Mathematical Cartography 2021
These Jupyter notebooks support the Mathematical Cartography LOOM.02.007 MSc course and focus on the capabilities of the Python mathematical cartography and visualization library Cartopy.
The first tutorial gives an overview of creating a map window, using projections and constructing basic map elements (grid, text)
- https://github.com/holgervirro/mcarto2021/blob/master/Kaardiakna_juhtimine.ipynb (Estonian version)
- https://github.com/holgervirro/mcarto2021/blob/master/Map_Window_Management.ipynb (English version)
The second tutorial focuses on additional map elements, such as point symbols and different cartographic line objects (orthodrome, rhumb line, almucantar)
- https://github.com/holgervirro/mcarto2021/blob/master/Kaardielemendid.ipynb (Estonian version)
- https://github.com/holgervirro/mcarto2021/blob/master/Map_Elements.ipynb (English version)
During the live lab session we will go through the aforementioned notebooks in the Binder computing environment. Binder will create a Python environment based on the file
environment.yml, which lists the libraries used in this session. It will also provide the computational resources needed to run the notebooks online. We can then run and edit the notebooks in the browser without setting up an Anaconda environment ourselves.
Click the Binder icon below to launch the environment and access the notebooks
NB As Binder works online, edits made in the notebooks will not be saved if you close the browser or quit the environment. You might also get a timeout message if the notebook stays inactive, so Binder will ask to restart the kernel, which also resets your progress.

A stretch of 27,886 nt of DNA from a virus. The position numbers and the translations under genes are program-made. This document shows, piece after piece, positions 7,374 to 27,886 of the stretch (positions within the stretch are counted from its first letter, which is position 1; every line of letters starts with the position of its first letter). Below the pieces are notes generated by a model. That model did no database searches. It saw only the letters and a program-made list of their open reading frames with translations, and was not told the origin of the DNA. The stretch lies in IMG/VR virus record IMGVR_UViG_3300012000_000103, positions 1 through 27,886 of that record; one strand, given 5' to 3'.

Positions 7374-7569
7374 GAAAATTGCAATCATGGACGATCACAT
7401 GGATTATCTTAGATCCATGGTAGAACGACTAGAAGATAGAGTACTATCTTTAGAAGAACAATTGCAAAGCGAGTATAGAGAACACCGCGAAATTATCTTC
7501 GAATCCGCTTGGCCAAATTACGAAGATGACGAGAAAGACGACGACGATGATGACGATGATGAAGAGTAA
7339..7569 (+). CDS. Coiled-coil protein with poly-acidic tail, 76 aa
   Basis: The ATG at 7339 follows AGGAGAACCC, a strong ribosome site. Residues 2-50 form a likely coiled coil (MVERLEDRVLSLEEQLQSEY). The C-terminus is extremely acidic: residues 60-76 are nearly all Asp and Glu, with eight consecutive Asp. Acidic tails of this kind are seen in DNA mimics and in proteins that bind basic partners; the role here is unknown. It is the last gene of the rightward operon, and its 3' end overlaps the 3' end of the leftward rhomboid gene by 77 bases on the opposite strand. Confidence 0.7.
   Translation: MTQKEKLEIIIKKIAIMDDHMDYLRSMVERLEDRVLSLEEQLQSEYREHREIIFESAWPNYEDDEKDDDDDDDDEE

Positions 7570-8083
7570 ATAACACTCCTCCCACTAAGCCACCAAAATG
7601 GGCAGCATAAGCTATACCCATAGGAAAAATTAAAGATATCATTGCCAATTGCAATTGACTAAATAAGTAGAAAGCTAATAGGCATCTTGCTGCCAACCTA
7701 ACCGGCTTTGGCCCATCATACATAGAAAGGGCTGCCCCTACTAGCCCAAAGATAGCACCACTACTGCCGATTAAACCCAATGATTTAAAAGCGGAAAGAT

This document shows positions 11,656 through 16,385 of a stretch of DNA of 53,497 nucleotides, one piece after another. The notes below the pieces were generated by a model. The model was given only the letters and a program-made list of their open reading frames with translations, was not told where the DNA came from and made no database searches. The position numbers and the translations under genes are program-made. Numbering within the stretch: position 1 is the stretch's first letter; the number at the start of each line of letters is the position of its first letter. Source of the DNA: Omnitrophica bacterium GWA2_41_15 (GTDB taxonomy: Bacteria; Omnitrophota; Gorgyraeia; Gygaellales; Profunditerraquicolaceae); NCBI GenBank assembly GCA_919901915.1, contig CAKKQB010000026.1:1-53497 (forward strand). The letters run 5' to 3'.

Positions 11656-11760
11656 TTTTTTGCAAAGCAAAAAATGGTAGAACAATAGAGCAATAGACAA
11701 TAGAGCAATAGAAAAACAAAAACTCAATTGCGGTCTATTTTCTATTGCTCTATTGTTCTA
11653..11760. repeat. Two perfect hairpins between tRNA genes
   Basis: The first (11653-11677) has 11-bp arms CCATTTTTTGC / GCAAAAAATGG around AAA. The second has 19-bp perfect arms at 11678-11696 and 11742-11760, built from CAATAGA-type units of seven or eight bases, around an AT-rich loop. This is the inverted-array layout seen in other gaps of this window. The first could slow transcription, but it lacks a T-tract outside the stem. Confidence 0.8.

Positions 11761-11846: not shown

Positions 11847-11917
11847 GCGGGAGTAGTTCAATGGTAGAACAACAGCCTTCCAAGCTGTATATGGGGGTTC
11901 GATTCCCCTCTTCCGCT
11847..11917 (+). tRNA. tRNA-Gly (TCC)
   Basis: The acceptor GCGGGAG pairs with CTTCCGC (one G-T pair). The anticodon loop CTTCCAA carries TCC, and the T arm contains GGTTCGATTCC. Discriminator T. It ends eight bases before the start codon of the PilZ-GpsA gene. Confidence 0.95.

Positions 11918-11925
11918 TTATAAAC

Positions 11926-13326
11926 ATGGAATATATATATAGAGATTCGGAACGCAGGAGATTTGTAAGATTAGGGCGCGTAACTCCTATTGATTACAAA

If you wish to save your task solution progress then you should either
- download the notebook (.ipynb) and then continue working using your own Anaconda setup (see below)
- copy the cell content of your solution somewhere (e.g. Notepad), so you could paste it when you restart Binder next time
Setting up Anaconda on your machine
After installing Anaconda, download and unzip this repository into a folder you can find on your machine.
Code -> Download ZIP
Find and launch the Anaconda Prompt using the search bar.
Now move to the folder where you unzipped the GitHub repository.
You should be able to see the content of this folder with the
We will start by creating an Anaconda environment using the existing environment file
environment.yml, which installs all Python libraries needed for the two exercises.
conda env create -f environment.yml
The next command will activate the Anaconda environment we just created.
conda activate mcarto2021
Before we start Python coding we will make our newly created conda Python environment known to the Jupyter notebook system by installing the kernel, basically the execution engine link from Jupyter web notebook to our Python environment.
python -m ipykernel install --user --name mcarto2021
Finally, we can activate the Jupyter environment.
A browser window will open where clicking on a Jupyter notebook file with the extension .ipynb allows you to start editing the notebook.
In order to make sure that Jupyter uses the correct Anaconda environment select
Kernel -> Change Kernel and choose
mcarto2021 as the preferred kernel.